The coolest part of the unofficial outdoor markets, for me, was the phones/electronics part, which happens to be by the main Tap-Tap stop in the town.
I don’t have photos of this either, but the stalls (basically tables with big umbrellas above for shade), had iPads and phones laid out across the tabletops, with absolutely nothing covering/protecting them, and apparently no one steals them! I don’t think there are many countries where that could happen.
The only thing I bought at these markets was some insanely cheap local rum.
Cap Haitien’s Official Indoor Market
The thing that the local people refer to as the market is a big, old building with a market inside every day, mainly for food.
In reality, it spills out to the streets beside the building as well, so you pass loads of vendors before you actually reach the building:
Inside and outside, there are a lot of vendors packed very closely together, so you really have to be careful not to tread on someone’s foot, squash someone’s produce, or walk into someone who suddenly appears out of nowhere crossing your path with a bucket on their head at 100mph.
On the inside, it’s quite dark and the ground is uneven and full of slippery things like cabbage leaves dropped down from the stalls, so again, be careful where you step.
It seemed to have two main sections – one for vegetables and a bit of fruit and dried things like flour, and one for meat, and there were some voodoo stalls dotted around too.
People seemed very shocked about seeing me there and I was getting a lot of stares, and I found it a bit difficult to keep up with the family who were weaving in and out of the people/stalls/rubbish piles like pros, but it was quite fun.
They bought some peas from a lady with a smiley lady with a tiny stall, and then a seemingly mentally ill man started shouting things at me in Creole. He sounded quite angry/aggressive, and the peas lady seemed a bit concerned and told me to come and sit with her behind her stall for safety.
The family thought it was a good idea, so they left me sitting with the peas lady while they went to buy some more vegetables, and told me they’d be back in a few minutes.
The other peas ladies in the row found it quite funny that I was sitting there, and even though we couldn’t communicate much, we had a laugh, and I helped her shell her peas, which caused even more laughter.
When the family came back, the mum took a photo of me shelling the peas on her smartphone, and showed the peas lady, who was absolutely delighted and amazed by this picture of herself. As soon as this happened, all the other peas ladies wanted to see, so the phone was quickly passed down the line and before we knew it, it was about 6 stalls away! They were all equally fascinated and pleased with the photo. It was a really funny and nice moment and I don’t think I’ll ever forget it.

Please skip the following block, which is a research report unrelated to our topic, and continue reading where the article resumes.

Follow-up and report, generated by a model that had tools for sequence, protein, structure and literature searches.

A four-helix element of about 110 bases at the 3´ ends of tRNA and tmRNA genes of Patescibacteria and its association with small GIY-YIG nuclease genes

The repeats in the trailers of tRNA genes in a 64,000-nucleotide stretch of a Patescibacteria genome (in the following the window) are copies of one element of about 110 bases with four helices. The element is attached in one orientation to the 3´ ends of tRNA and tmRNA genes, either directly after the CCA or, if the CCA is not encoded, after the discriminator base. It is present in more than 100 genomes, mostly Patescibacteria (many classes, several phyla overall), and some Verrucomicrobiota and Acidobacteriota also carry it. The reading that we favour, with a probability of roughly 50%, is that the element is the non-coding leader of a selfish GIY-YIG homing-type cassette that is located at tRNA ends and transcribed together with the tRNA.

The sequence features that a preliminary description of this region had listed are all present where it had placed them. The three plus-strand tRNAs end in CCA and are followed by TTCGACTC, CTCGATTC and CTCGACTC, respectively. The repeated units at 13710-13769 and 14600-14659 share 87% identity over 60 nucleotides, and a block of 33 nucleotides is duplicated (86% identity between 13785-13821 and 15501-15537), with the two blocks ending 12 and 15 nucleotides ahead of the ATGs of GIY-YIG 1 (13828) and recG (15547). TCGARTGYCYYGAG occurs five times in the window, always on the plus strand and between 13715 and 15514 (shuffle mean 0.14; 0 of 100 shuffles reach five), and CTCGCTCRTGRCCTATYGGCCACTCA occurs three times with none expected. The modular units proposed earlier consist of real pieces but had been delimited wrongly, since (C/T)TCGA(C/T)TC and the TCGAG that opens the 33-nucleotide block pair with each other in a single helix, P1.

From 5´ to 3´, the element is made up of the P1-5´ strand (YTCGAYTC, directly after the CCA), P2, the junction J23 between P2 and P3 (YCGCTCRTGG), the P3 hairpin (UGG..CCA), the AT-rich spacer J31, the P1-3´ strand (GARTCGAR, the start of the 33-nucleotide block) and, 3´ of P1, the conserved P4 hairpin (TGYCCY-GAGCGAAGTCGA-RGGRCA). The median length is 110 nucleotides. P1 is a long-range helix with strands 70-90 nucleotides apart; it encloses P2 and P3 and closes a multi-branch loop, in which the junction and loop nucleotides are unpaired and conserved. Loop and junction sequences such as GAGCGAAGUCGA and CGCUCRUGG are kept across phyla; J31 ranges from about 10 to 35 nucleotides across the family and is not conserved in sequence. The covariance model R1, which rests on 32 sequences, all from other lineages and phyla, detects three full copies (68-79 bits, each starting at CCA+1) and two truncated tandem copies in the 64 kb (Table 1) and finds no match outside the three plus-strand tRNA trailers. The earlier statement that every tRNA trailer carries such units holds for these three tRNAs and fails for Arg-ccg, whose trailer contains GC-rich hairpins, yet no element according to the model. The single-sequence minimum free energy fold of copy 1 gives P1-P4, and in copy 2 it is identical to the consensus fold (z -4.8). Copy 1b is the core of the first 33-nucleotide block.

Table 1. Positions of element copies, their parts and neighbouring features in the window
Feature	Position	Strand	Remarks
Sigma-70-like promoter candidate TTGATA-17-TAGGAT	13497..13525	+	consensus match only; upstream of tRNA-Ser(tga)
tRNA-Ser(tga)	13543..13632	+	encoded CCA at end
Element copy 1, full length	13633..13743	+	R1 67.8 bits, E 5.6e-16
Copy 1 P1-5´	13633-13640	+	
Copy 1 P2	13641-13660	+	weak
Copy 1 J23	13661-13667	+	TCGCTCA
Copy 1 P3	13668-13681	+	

Here’s the photo:
I waved goodbye to the peas ladies and thanked them for letting me sit there, and we went over to the meat section because the family needed something from there.
We passed this guy who was making a bright green paste which is used for cooking. He basically pushes garlic, coriander etc. into the top of his little machine, and turns a handle which grinds it all up, and then a seasoning paste comes out of the bottom of the machine, which he then sells in small bags. It smelt amazing:
I’m vegan so the meat section wasn’t my idea of fun. There were literally whole pigs (not alive, don’t worry) on the tables being hacked into with axes. I was genuinely worried that some blood was going to fly into my face. The smell was pretty nasty, and there were a lot of flies around. There were also piles of discarded parts like organs which looked really horrible.
One thing I found cool about the meat section was the fact that the vendors were singing as they worked! Sometimes they weren’t, but then at a random moment, one would start singing and then more and more would join in until there were about 20 singing along. I thought that looked like a fun way to make work hours pass more quickly.
Of course I was fascinated by the idea of a voodoo stall, so we passed by one on the way out. They were selling voodoo drinks, voodoo flags, and things you burn at ceremonies (like special dried plants I think). I bought a voodoo drink, which apparently a lot of people would never touch, and I still have it in my room now as a souvenir. It’s basically soda in a glass bottle with a special label.
When we walked back out through the outside part of the market, loads of guys had arrived who were holding dead chickens (still with all the feathers on etc.) upside down by the feet. Each guy had about 4 in each hand and they were waving them about trying to get people to buy them. At least that grossed me out less than the meat section!
Summary of the Haiti Trip
As you can see, I didn’t visit many parts of Haiti and I wasn’t there for long, but even the smallest things there were really fascinating for me because it was all so different from places I’d experienced before.
I did a few more things that I haven’t written about, and I didn’t really have any bad experiences (except the crazy guy in the market, but that was fine in the end). I found the people to be open and warm, and if you’re an adventurous open-minded traveller, I would definitely recommend going to Haiti. I really hope I can go back one day and experience some more of it.